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Sermon preached by the Reverend Nicholas Lang
St. Paul’s on the Green, Norwalk, Connecticut
The Sixth Sunday after Easter – May 29, 2011

May each day hold a greeting from the Spirit of God, each night be visited by the dove of peace, and the life of God-with-us be lived in wisdom, truth, and grace. Amen.

Some of us will remember the comedy variety series Laugh-in that ran from 1968 to 1973 and comedian Lily Tomlin who played a devilish five and a half year old little girl named Edith Ann sitting on a jumbo-sized rocking chair that made her adult-sized body look like a little girl’s. (If you never saw Edith Ann, you can google her and watch a short video. It will make you laugh!)

Rocking back and forth, Edith Ann would tell childish stories about her family and her dog Buster. When she concluded a point, she said, “And that’s the truth” and sputtered her tongue as she gave the audience the raspberry.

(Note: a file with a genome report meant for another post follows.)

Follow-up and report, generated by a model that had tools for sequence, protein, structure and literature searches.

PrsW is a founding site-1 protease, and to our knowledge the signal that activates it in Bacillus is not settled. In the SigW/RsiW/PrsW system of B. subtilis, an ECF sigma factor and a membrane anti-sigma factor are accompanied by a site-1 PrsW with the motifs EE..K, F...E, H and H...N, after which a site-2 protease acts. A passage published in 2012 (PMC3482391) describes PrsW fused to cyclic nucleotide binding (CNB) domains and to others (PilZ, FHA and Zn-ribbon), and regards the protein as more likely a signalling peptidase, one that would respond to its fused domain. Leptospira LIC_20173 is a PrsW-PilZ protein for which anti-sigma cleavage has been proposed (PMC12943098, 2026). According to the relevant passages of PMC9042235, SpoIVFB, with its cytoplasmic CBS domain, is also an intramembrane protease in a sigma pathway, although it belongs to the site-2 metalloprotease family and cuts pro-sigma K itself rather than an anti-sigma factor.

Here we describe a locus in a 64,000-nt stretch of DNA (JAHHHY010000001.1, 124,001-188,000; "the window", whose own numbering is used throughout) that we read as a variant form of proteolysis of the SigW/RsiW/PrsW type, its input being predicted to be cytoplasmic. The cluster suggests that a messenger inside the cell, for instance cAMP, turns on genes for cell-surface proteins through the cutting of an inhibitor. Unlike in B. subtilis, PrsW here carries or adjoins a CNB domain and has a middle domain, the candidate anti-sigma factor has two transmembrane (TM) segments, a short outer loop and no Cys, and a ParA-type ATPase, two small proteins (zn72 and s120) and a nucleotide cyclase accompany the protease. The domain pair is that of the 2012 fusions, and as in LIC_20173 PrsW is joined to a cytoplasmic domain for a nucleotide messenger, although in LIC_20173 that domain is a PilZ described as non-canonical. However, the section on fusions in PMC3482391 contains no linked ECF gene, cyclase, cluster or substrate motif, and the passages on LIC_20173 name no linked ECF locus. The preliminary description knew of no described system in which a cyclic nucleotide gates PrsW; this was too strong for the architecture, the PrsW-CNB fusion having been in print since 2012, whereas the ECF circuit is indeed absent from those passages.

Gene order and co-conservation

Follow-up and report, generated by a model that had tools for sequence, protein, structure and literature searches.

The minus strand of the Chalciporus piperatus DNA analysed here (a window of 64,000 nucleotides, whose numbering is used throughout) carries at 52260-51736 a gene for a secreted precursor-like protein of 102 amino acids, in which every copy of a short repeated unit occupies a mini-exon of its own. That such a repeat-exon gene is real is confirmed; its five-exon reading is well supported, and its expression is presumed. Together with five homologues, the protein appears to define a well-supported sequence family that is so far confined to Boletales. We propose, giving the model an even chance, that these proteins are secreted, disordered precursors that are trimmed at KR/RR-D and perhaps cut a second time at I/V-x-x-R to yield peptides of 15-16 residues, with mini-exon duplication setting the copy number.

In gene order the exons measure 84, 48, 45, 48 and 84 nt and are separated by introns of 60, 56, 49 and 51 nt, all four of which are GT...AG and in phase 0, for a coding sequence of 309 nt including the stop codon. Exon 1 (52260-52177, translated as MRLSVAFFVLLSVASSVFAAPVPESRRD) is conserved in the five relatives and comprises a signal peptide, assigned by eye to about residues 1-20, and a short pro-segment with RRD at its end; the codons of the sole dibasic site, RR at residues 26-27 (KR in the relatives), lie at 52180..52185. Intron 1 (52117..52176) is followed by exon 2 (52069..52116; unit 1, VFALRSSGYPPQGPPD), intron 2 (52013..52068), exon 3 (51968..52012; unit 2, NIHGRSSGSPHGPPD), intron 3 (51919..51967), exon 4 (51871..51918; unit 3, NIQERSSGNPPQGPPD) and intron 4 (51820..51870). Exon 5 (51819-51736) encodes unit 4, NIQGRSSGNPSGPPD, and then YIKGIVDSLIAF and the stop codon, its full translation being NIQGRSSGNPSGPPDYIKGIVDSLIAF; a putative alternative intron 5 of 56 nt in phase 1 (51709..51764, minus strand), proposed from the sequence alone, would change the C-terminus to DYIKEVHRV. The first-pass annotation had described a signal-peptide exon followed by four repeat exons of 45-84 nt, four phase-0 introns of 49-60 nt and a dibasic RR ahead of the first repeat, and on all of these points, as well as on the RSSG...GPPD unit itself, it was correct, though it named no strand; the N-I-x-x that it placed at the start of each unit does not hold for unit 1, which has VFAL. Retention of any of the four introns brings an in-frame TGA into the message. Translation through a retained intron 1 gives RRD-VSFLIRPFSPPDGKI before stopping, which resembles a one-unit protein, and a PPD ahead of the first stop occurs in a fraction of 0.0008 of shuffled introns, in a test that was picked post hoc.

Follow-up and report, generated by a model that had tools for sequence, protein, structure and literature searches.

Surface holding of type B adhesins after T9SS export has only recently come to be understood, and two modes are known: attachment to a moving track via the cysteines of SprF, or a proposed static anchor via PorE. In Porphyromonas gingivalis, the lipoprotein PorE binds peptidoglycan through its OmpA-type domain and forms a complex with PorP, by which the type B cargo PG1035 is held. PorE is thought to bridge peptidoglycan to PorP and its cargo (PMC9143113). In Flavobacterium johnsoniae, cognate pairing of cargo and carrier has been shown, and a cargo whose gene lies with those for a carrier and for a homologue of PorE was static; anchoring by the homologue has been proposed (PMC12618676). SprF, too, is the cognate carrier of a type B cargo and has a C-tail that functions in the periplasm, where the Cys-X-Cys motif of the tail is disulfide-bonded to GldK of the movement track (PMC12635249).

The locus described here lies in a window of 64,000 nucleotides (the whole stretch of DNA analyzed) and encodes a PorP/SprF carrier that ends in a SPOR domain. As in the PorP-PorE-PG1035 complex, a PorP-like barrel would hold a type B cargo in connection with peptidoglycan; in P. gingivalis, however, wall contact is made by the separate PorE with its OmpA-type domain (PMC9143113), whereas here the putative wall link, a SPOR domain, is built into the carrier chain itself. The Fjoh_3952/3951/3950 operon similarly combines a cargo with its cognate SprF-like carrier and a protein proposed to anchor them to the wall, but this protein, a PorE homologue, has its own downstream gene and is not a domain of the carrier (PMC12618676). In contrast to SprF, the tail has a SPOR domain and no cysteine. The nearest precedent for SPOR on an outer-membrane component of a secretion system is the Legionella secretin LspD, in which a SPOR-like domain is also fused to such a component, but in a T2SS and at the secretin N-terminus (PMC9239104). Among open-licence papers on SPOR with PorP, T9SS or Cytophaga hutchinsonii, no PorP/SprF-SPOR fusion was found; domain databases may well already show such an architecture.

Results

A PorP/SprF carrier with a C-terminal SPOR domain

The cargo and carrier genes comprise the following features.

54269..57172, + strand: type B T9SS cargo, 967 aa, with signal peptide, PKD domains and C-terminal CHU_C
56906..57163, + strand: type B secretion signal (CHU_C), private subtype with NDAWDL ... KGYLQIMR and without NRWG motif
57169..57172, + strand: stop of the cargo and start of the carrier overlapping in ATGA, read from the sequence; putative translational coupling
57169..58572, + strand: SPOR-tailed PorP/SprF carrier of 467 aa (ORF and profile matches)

The Truth. What is it? We all struggle with truth, don’t we? Sometimes we may find it hard to discern the truth, sometimes we may be reluctant to tell it, but most of the time we really do want to know the truth. Is there a God? Does God truly care about us? Is there life after death? These are a few of the big ticket items that get our attention.

Our ancient ancestors treaded the same murky waters. We find Paul addressing a group of first century Greeks, acknowledging how extremely religious they were but worshipping at an Altar honoring an unknown god. He tells them that the God who made the world does not live in shrines made by humans. Furthermore, God is not far from us nor is God some where at an unbridgeable distance.